In past few years, TENG-based HMIs have been developed to track a trajectory pattern or identify letters leading to a real-time response and sustainable monitoring [60,61,62,63]. For example, W. Zhang et al. displayed a triboelectric sensor for handwriting signature identification [64]. X. Ji et al. constructed a triboelectric electronics based HMI for analyzing writing signal pattern and letters fingerprint. Further, by combining machine learning, the recognition accuracy of letters fingerprint is calculated [61]. Although the interactive communication between human and machines is achieved through the fundamental letter identification in the above-mentioned works, complex writing process hasn’t been realized by only depending on output signal or pattern identification. Particularly, calligraphy is of great importance in personal development because it is intimately associated with personal behavioral features, and is an essential part of civilian applications. Besides, traditional calligraphy boards, which are used to writing letter daily only provide writing rather than detailed monitoring, and do not meet the requirements of letters practice and correction. Thus, the real-time and sustainable monitoring of writing steps is crucial feature for practicing or correcting the aesthetic of letters and even its accuracy. Additionally, traditional wearable electronics posses low biodegradability and impermeability, even harmful materials to environment. Hence these factors restrict their applications. Notably, wearable TENG with biodegradability for letter handwriting has not yet been reported.

Here, HMI-enabled wearable electronics based on a triboelectric mechanism are constructed to achieve an intelligent, highly accurate, and real-time response writing system and carboxymethyl chitosan-silk fibroin-TENG (CSF-TENG) with a contact-separation mode fabricating the portable electronics, which uses carboxymethyl chitosan-silk fibroin (CSF) film as friction electrification material. CSF film is prepared by crosslinking carboxymethyl chitosan and silk, resulting in biodegradability, flexibility, and softness. Weight loss and UV–visible absorption change are used to investigate the biodegradation behavior of CFS film by trypsin and lysozyme. The impact of silk content on the electrical properties of CSF-TENG and the high electrical output performance of the optimal device is evaluated. Most importantly, the CSF-TENG-based HMI is successfully demonstrated in practicing letters and correcting the writing steps. Finally, 3D virtual reality (VR) applications including letters writing and healthcare based on the CSF-TENG-based HMI are achieved.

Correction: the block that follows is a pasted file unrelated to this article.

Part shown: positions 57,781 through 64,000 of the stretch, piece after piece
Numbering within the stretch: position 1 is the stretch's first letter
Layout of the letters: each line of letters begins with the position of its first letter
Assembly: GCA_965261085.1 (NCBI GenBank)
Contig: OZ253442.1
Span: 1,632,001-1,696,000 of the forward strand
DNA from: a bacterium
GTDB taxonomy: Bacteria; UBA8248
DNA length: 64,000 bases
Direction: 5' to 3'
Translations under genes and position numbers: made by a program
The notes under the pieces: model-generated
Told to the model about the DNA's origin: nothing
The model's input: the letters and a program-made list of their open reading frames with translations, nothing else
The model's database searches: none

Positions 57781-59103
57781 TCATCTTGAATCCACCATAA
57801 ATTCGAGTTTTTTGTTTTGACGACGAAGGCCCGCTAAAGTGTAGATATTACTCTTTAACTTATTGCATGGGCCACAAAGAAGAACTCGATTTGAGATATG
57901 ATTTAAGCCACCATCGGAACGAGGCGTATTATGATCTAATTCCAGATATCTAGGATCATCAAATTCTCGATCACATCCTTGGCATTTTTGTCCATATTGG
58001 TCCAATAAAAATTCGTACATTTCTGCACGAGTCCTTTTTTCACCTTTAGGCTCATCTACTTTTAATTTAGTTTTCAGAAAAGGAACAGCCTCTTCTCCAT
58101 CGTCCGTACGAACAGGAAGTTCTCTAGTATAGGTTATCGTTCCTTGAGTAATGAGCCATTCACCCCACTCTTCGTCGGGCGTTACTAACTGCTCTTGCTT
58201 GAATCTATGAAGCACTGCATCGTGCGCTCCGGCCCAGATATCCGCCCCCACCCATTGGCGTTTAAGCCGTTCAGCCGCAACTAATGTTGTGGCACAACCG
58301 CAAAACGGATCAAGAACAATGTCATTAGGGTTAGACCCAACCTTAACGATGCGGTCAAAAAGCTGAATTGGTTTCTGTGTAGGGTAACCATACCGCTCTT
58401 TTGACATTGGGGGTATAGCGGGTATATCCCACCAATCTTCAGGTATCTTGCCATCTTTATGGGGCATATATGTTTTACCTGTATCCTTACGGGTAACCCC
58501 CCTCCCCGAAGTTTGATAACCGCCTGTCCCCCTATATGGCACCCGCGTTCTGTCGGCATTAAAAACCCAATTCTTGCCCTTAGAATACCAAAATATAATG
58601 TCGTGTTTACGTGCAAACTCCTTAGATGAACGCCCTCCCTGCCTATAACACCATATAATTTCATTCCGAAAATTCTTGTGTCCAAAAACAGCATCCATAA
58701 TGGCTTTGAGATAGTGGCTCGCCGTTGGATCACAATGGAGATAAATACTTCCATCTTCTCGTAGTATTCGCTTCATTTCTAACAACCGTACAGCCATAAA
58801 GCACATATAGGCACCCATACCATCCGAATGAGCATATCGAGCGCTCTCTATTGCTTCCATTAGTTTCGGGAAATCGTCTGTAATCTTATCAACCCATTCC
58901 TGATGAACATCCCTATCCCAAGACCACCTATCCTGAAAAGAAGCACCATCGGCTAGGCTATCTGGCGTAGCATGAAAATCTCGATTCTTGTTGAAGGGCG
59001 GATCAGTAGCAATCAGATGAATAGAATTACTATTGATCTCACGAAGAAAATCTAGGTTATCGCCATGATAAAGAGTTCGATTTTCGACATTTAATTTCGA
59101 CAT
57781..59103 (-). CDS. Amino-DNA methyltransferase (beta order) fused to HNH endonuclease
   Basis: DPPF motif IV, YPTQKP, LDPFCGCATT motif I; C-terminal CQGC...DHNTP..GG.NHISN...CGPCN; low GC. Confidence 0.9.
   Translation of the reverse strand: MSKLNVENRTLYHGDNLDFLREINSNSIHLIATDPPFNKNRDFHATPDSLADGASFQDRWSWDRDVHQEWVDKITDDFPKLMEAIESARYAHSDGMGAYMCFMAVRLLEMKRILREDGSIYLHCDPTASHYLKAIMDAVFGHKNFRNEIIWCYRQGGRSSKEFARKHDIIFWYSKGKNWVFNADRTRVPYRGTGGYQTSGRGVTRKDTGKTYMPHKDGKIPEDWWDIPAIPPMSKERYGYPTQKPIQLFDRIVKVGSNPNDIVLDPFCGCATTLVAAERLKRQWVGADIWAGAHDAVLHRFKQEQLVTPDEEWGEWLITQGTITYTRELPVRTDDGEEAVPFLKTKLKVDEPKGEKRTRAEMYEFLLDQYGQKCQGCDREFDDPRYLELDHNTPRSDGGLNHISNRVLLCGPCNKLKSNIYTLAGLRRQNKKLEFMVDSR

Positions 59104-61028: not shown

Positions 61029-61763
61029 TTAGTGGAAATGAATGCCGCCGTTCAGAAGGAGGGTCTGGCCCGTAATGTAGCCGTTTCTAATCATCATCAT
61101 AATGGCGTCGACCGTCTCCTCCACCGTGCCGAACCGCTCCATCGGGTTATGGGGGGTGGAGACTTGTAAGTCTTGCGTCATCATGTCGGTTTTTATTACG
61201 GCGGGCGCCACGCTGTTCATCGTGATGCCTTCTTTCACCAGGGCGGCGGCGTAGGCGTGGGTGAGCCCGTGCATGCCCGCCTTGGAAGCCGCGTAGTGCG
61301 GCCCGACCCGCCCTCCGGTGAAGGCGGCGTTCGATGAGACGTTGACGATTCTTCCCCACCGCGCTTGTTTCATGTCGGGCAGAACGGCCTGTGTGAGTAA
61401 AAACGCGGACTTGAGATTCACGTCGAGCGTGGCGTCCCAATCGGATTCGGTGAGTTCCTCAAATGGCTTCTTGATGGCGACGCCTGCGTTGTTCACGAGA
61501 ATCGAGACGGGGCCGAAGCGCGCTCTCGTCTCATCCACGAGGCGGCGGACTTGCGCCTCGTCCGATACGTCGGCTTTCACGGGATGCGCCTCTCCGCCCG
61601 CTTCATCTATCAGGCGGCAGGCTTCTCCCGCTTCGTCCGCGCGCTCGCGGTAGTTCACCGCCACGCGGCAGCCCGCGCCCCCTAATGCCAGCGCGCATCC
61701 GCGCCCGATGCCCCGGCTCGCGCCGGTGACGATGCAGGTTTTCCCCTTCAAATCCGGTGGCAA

2 Materials and Methods

2.1 Materials

Sodium Carbonate, lithium bromide, and phosphate buffer (PBS, pH = 7.4) were purchased from Sinopharm Chemical Reagent Co., Ltd., China; EDC hydrochloride was obtained from BOSF Biotechnology Co., Ltd; trypsin (EC and lysozyme (EC were supplied by Shanghai Macklin Biochemical Co., Ltd; deionized water was obtained from a ULUPURE water system; carboxymethyl chitosan was purchased from Aladdin Reagent Company, and raw silks were obtained from the laboratory.

2.2 Preparation of Silk Fibroin (SF)

Raw silk was boiled in a 0.02 M Na2CO3 solution at 98 °C for 30 min and washed thoroughly with deionized (DI) water to remove impurities and wax; the purified products were submerged in a 9.3 M LiBr solution with a mass ratio of 1:20 at 60 °C. Further, the solution was collected and dialyzed (Mw = 3500) to eliminate residues, and a silk fibroin solution was obtained and denoted as SF.